Leadership Council for Human Rights

~ Feet in the mud, head in the sky ~

Wednesday, July 18, 2007

Policy options in Iraq: How and when does the withdrawal begin?

Today the House Foreign Relations Committee met to discuss U.S. policy options in the Iraq crisis. Committee Chairman Tom Lantos (D-Calif.) opened by demanding that there be a plan for withdraw from Iraq, and that the Bush administration and Congress choose the “least bad” option.

The hearing continued with opening remarks from the many lawmakers present. Some argued that the troops should pull out immediately, citing a need to put an end to the failures that have plagued the operation from the outset, while others contented that the U.S. must wait and that premature troop removal will result in a regional collapse and the rise of Islamic extremism. Powerful statements were delivered by both Democrats and Republicans, with Rep. Ted Poe (R-Tex.) saying: “Wars are not won by an evacuation,” and Rep. Lynn Woolsey countering with: “You can’t win an occupation.”

The ideological schism that has paralyzed the Committee, and Congress as a whole, was ever-present and well stated, leaving the assembled witnesses with much to contend with. Steven Simon, HasibJ. Sabbagh Senior Fellow for Middle Eastern Studies, delivered the first testimony, stating that whether or not we have a presence in Iraq, a civil war is happening and will continue to happen. He warned that no matter what occurs, continued indecisiveness and dissent within the U.S. government would only encourage the insurgents and their cause. Simon also addressed several questions that had been posed about the war. He said that the current conditions in Iraq do not lend themselves to the occurrence of genocide, as some have suggested. He also commented on al-Qaeda, saying that a destabilized Iraq that has animosity towards the U.S. is conducive to further recruitment. Simon warned that if the U.S. is to have a drastic and complete troop pullout, it must be prepared to leave much of the military equipment behind, and that care should be taken with respect to whose hands the equipment is left in. Finally, Simon suggested that the support that is currently going towards military operations be reallocated for social programs and rebuilding infrastructure within Iraq.

James Dobbins, Director for International Security and Defense Policy Center, stressed that the U.S. will need the support of the region in order to be successful. He compared the situation in Iraq to Bosnia in the mid 1990s, saying that all parties had to be present at the negotiating table before an agreement was reached there, and expecting any less in Iraq was unrealistic. Afghanistan was also used as an example of a instance where there was much support from within the nation and from neighboring countries. He also stressed that the U.S. could not look to build stability in Iraq, while “destabilizing” the rest of the region by taking on Iran and their nuclear program.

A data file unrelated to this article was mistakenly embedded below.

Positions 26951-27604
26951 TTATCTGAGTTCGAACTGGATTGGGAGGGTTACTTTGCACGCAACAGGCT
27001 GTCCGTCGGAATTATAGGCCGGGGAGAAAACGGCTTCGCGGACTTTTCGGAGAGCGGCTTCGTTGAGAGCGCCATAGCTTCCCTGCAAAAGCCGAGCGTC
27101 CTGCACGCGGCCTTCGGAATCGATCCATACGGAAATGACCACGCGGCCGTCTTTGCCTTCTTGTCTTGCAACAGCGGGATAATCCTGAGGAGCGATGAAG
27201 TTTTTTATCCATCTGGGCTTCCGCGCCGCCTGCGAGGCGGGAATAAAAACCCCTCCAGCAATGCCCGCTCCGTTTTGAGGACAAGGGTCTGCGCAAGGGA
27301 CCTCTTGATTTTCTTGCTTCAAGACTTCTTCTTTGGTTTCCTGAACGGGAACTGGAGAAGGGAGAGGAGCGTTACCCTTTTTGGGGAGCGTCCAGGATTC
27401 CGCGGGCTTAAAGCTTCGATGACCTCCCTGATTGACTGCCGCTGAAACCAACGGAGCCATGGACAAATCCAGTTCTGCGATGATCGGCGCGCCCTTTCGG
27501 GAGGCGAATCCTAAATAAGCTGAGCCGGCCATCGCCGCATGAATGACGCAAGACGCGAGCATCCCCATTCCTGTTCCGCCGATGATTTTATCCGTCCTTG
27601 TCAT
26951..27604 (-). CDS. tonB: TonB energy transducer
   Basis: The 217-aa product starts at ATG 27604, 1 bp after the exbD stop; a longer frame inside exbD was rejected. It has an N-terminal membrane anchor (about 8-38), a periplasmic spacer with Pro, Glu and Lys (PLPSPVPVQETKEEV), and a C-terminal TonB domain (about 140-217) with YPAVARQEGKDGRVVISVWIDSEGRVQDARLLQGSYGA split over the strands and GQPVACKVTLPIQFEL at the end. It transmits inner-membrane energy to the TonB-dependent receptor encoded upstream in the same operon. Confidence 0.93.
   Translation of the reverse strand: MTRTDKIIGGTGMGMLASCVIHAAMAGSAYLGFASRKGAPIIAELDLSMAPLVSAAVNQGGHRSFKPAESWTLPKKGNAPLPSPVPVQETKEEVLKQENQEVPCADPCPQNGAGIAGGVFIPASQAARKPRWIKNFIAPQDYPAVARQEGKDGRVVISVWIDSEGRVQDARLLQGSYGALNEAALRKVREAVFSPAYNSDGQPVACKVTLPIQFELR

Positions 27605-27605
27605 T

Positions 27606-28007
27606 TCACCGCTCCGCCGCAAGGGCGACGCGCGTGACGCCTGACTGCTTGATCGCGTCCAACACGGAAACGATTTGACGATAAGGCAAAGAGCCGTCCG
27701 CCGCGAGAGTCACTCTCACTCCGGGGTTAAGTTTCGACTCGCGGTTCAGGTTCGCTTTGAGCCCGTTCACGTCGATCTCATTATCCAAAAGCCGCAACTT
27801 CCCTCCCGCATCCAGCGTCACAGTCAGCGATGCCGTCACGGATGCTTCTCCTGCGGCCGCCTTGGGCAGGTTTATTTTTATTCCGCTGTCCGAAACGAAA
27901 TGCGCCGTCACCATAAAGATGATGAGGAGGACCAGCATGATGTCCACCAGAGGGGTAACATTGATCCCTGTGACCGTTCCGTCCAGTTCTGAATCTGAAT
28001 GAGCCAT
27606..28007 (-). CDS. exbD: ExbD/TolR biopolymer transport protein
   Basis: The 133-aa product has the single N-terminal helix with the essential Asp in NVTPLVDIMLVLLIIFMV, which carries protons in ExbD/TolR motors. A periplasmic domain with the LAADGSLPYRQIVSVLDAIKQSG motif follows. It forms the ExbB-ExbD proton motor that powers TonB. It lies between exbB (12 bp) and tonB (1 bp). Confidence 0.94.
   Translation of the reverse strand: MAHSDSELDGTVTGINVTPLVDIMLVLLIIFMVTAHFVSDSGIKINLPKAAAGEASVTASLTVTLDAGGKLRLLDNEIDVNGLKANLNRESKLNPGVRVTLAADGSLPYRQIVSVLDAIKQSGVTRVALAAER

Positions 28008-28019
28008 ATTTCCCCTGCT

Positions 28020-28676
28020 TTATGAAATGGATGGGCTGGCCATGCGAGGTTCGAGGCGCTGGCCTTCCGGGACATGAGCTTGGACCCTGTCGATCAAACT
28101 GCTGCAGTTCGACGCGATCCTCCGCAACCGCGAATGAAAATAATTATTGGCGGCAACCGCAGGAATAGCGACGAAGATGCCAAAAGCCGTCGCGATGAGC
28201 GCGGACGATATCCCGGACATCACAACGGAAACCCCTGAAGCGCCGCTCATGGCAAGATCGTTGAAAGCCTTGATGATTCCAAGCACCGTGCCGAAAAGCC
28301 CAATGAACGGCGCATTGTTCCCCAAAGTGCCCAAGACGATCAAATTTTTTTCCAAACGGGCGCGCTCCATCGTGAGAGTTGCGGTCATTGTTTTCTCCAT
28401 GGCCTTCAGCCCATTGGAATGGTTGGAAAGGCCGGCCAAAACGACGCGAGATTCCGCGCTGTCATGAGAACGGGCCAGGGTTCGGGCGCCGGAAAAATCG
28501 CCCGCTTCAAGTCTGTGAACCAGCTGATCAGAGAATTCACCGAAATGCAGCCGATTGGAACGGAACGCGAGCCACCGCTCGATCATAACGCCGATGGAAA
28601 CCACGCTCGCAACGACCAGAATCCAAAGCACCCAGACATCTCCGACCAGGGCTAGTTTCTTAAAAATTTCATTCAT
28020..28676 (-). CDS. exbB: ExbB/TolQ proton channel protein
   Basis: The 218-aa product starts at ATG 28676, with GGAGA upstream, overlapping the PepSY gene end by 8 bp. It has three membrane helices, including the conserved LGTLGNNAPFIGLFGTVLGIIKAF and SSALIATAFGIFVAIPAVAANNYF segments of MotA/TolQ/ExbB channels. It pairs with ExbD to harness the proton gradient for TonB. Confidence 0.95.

Michael Rubin of the American Enterprise Institute for Public Policy Research said that the U.S. cannot pull out of Iraq. He said that remaining in the country shows staying power and is the only way that the U.S. can empower Iraqis and safely hand over power. Rubin also made several warnings, including that the argument that redeployment into Iraqi Kurdistan should be avoided. Rubin stressed the importance of the fragile U.S.-Turkey relationship, which he said would be at stake if America oversteps its bounds. Rubin also cautioned that partitioning Iraq would ultimately only result in more displaced people and act as an added catalyst for already high ethnic tensions. All of this, he said, was based on the fact that Kurdish unity is more theoretic than actual, and that the U.S. should focus on Iraq as a whole, and not look for leadership from the north.

Questions following the witnesses opening statements mostly related to one small facet of each plan and never addressed Iraq policy options as a whole. All sides agreed that the U.S. would pull out eventually, but the real question is when and how. Both sides offered realistic supporting evidence as to why the U.S. should or shouldn’t pull out immediately, but by the end of the session both sides were back to the same stalemate they were in when the session began.



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